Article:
The core commitment of Cotton LEADS is the advocacy of the socially and environmentally responsible production of cotton. The basis of the initiative’s creation is the recognition that sustainable cotton production requires a collective stewardship that not only encourages and communicates best practices but also supports new research and development as well as investment.
The U.S. and Australia together comprise the geographic center of Cotton LEADS’ efforts since each furnishes stellar examples of best production practices and because both combined account for 17 percent of global cotton production.
Michael Kininmonth began his comments by announcing the continued significance of cotton. “Cotton is still king,” he said. He observed that denim manufacturing has historically revolved around the “Four F’s:” fiber, fabric, finish and fit. In the last two years, fiber and finish have risen to the top as the dominant categories of concern. However, the push in the industry towards supply chain integration, not to mention transparency and supply chain control, has encouraged a more holistic approach to all four components.
And according to Kininmonth, the most impressive innovations in denim will be a result of precisely this congealing of previously disparate links of the cotton supply chain. Producing a garment that is “super-soft” that still stretches well means more manufacturing collaboration, bringing together mills, chemical scientists, designers and other participants in the process. This is the only way to successfully combine the right aesthetic (comfort, moisture control and drape), performance (synthetic add-ins like Tencel) and ecological responsibility.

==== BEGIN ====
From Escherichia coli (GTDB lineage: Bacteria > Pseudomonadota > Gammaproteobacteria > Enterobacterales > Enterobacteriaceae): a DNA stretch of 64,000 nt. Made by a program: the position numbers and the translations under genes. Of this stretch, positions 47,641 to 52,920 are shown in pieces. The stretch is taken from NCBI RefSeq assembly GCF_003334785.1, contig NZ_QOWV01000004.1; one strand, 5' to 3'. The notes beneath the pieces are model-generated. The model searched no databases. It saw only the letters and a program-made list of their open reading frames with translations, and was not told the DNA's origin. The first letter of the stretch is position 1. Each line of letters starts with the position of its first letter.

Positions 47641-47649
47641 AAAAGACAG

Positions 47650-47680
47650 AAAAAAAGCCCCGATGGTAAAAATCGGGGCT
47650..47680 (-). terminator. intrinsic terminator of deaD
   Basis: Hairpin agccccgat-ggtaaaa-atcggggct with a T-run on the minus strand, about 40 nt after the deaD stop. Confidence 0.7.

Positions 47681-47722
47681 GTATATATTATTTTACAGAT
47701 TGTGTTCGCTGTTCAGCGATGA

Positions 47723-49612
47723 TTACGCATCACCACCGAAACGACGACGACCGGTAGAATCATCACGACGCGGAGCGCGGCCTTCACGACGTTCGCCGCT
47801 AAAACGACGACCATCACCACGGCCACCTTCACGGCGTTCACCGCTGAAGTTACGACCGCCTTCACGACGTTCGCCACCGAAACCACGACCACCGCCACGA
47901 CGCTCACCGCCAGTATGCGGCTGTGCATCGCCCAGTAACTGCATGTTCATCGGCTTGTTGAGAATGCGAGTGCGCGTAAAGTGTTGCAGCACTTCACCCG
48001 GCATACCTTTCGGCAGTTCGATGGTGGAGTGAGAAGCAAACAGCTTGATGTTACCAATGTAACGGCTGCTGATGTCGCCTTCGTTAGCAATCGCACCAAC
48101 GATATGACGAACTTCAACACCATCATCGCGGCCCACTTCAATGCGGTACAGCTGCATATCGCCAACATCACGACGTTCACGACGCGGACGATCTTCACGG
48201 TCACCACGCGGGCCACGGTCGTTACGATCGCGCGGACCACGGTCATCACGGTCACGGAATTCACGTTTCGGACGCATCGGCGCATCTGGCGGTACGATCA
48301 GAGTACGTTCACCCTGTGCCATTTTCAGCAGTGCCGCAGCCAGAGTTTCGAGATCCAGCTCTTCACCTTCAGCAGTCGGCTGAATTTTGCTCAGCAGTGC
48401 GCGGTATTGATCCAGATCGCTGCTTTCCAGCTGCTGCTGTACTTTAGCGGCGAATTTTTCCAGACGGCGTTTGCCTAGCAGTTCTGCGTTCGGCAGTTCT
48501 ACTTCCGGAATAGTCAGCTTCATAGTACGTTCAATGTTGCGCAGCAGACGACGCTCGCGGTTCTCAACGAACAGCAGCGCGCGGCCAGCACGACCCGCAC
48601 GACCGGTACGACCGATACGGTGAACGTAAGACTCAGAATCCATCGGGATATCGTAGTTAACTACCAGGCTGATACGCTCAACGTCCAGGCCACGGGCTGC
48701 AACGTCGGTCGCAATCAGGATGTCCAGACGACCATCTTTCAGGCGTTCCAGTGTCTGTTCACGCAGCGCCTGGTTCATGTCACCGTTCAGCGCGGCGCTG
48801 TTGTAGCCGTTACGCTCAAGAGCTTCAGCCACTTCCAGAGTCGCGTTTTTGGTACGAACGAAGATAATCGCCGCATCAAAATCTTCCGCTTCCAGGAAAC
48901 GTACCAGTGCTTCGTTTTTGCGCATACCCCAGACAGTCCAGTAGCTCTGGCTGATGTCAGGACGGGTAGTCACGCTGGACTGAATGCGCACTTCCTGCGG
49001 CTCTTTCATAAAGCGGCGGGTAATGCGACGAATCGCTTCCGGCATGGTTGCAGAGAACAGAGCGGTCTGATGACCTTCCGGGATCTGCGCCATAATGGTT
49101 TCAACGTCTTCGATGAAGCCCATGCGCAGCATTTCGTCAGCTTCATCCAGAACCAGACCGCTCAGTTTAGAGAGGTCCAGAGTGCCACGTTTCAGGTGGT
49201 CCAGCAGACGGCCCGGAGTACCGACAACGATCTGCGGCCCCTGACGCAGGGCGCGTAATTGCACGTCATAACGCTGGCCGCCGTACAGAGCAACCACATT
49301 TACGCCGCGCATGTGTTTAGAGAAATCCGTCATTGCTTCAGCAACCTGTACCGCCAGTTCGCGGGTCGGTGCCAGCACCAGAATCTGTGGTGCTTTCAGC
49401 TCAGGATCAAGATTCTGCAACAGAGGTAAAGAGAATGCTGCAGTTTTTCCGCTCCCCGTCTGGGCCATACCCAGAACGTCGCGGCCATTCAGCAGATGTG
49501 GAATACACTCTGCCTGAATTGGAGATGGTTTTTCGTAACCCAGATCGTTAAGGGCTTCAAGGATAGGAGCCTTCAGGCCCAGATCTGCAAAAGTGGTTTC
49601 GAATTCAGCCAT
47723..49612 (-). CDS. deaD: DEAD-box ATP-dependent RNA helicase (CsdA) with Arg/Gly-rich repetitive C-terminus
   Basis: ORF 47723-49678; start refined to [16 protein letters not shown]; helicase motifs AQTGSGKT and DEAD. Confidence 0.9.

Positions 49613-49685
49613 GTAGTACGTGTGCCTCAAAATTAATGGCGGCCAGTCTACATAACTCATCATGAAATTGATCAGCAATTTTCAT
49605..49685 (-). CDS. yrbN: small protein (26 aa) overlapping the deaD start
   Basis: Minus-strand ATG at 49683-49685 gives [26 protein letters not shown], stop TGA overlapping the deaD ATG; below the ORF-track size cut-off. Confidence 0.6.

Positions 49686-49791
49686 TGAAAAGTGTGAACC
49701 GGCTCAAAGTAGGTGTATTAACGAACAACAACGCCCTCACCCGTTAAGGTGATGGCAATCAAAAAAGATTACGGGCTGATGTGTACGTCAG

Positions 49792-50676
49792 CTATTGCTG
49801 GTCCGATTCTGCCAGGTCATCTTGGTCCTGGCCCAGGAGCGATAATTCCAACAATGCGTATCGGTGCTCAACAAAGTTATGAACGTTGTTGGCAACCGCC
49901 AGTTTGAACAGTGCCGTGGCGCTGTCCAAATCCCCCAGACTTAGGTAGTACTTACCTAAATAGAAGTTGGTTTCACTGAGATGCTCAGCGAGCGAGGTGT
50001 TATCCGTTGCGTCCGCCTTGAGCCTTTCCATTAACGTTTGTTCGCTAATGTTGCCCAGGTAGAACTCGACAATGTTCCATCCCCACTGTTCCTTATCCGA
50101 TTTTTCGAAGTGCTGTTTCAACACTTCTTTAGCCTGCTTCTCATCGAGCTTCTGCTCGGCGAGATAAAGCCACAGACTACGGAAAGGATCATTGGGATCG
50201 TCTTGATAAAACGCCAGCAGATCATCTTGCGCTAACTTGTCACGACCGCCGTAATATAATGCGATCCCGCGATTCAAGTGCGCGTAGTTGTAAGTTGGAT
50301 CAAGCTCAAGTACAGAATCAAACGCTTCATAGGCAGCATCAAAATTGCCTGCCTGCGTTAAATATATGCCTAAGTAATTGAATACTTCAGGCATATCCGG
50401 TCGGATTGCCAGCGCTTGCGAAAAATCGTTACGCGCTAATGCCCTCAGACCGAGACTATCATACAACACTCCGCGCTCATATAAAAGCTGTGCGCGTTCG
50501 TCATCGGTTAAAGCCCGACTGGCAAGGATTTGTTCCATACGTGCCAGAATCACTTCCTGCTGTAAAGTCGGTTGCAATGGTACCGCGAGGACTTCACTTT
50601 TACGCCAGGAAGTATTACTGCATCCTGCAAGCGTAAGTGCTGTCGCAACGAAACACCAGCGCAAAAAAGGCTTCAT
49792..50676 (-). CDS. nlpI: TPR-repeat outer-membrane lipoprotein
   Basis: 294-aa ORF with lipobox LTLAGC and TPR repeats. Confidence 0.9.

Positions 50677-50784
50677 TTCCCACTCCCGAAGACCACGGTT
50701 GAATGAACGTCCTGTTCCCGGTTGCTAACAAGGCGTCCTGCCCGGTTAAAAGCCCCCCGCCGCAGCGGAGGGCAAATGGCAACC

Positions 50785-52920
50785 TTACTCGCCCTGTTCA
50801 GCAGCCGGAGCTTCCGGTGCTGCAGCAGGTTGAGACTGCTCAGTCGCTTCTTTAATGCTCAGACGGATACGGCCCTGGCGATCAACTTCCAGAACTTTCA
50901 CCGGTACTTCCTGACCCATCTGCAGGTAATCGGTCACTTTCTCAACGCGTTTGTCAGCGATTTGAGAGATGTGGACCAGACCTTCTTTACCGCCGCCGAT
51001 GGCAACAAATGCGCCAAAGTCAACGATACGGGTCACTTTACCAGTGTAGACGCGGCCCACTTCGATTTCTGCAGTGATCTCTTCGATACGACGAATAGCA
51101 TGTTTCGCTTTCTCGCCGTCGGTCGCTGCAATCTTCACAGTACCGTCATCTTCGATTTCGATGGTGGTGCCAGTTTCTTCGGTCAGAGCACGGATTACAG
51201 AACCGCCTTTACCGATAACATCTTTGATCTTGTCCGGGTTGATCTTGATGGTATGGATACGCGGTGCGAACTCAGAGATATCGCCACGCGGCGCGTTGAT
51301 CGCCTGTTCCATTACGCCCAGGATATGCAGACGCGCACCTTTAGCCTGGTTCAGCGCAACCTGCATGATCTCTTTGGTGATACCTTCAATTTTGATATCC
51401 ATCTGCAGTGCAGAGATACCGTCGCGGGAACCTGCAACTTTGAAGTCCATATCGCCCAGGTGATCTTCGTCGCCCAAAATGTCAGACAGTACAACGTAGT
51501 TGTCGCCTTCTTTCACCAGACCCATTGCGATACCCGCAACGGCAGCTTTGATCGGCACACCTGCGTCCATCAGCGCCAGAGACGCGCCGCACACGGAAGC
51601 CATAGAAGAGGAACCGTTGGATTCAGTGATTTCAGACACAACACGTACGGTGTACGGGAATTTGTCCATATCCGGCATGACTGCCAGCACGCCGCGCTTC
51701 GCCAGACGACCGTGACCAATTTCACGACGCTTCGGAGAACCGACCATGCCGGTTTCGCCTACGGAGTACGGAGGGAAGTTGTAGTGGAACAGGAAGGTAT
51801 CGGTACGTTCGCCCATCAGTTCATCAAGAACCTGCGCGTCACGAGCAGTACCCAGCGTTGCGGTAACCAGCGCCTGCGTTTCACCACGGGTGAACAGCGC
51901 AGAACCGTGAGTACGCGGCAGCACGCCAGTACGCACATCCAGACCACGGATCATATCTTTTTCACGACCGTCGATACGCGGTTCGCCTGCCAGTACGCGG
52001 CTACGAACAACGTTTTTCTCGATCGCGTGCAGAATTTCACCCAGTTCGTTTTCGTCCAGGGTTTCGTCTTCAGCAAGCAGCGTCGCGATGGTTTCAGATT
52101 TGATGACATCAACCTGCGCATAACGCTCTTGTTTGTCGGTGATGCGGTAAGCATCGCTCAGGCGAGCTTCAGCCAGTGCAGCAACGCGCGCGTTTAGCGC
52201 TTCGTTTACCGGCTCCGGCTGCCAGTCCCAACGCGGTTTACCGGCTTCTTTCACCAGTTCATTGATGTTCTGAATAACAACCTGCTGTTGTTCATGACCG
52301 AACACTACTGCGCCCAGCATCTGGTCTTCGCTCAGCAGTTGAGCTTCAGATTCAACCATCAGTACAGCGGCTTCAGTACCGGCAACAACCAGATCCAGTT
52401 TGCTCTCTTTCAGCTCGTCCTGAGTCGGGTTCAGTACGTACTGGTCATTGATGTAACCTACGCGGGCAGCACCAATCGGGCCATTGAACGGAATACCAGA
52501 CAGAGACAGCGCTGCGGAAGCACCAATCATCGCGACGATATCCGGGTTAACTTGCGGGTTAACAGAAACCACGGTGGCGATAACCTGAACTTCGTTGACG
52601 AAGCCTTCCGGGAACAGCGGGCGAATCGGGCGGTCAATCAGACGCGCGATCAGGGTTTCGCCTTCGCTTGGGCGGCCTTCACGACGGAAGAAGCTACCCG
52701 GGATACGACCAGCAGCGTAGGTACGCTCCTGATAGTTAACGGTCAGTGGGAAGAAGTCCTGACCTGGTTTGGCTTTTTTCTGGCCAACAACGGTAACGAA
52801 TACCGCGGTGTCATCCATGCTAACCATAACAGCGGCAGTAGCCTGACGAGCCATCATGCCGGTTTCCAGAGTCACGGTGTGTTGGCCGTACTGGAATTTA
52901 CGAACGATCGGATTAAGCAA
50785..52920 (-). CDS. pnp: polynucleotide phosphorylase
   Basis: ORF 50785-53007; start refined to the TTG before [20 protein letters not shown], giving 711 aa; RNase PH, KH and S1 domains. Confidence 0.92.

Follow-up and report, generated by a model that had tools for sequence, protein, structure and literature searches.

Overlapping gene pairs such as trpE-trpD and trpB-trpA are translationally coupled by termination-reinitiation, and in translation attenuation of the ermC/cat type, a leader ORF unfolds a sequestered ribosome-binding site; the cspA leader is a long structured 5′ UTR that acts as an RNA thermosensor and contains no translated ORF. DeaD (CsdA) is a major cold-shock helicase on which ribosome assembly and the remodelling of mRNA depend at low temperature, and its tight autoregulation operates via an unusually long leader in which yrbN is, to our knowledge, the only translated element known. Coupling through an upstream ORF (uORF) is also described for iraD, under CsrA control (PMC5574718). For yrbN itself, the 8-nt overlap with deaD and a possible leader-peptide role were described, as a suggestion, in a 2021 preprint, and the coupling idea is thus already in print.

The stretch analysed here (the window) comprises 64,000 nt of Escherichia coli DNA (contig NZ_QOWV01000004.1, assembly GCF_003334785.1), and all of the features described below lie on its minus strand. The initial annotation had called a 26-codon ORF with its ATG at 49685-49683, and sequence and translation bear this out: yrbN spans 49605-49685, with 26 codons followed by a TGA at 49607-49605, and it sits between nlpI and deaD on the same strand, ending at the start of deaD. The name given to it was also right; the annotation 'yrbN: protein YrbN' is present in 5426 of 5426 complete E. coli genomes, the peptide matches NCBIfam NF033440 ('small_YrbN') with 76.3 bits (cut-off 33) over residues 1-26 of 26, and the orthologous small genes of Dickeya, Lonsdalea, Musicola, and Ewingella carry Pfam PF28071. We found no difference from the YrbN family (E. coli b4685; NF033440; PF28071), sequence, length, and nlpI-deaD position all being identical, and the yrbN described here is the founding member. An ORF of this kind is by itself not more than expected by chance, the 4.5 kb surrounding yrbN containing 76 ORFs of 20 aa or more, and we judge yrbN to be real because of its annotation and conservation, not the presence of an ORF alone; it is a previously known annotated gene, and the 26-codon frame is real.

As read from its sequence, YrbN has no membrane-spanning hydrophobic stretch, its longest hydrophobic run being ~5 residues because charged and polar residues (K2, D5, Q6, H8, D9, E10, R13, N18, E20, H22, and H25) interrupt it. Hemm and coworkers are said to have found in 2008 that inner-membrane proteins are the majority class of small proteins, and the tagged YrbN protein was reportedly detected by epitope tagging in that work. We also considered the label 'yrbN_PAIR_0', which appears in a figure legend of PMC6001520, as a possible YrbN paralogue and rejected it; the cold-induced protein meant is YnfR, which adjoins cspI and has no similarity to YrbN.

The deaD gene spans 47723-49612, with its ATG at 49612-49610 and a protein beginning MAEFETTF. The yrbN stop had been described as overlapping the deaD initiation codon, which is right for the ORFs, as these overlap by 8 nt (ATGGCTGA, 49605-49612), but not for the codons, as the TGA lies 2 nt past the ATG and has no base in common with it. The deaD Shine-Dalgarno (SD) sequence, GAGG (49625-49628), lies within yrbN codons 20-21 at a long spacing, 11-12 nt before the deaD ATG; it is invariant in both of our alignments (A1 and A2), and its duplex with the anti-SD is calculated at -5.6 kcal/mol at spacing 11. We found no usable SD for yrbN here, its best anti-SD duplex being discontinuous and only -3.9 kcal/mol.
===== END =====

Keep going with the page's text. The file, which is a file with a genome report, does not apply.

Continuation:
Howard Malpass deftly discussed his area of expertise as it applies to denim manufacturing: chemicals. He quickly conceded that his subject area is both forbiddingly complex and sometimes mischaracterized as a “dirty” part of the denim business. However, scientific innovation with respect to new chemical processes can be a key factor both in reducing costs and increasing the ecological integrity of garments.
Part of what makes denim such a unique fabric, Malpass shared, is that it’s such a traditional staple of global attire; consumers want that informal look, but available in multiples washes and fits, and long-lasting as well. And denim, in contradistinction to most fabrics, looks better with age, maturing into a worn aesthetic that consumers often pine for. That iconic indigo blue, the “purest shade of blues,” maintains its brilliance as it wears, as opposed to other blue dyes that gradually dull unto a “reddish caste.”
One of the most attractive features of indigo dyeing, Malpass said, is that it is naturally well-suited to environmentally responsible processes. Indigo dye is biodegradable and, since it is less labor intensive than other processes, usually involves lower labor costs as well.
Malpass struck a pragmatic note, saying that while consumers increasingly demand apparel that is more ecologically sustainable, they also want products at lower prices. In some cases, he candidly confessed, the goal of “going green” will potentially raise costs, at least in the short run.
“Denim Innovation” was an eye-opening tutorial in the way the cotton industry is seamlessly combining nature and man-made technology, discovering unprecedented ways to forge a symbiosis of science and sustainability, of nature and innovation.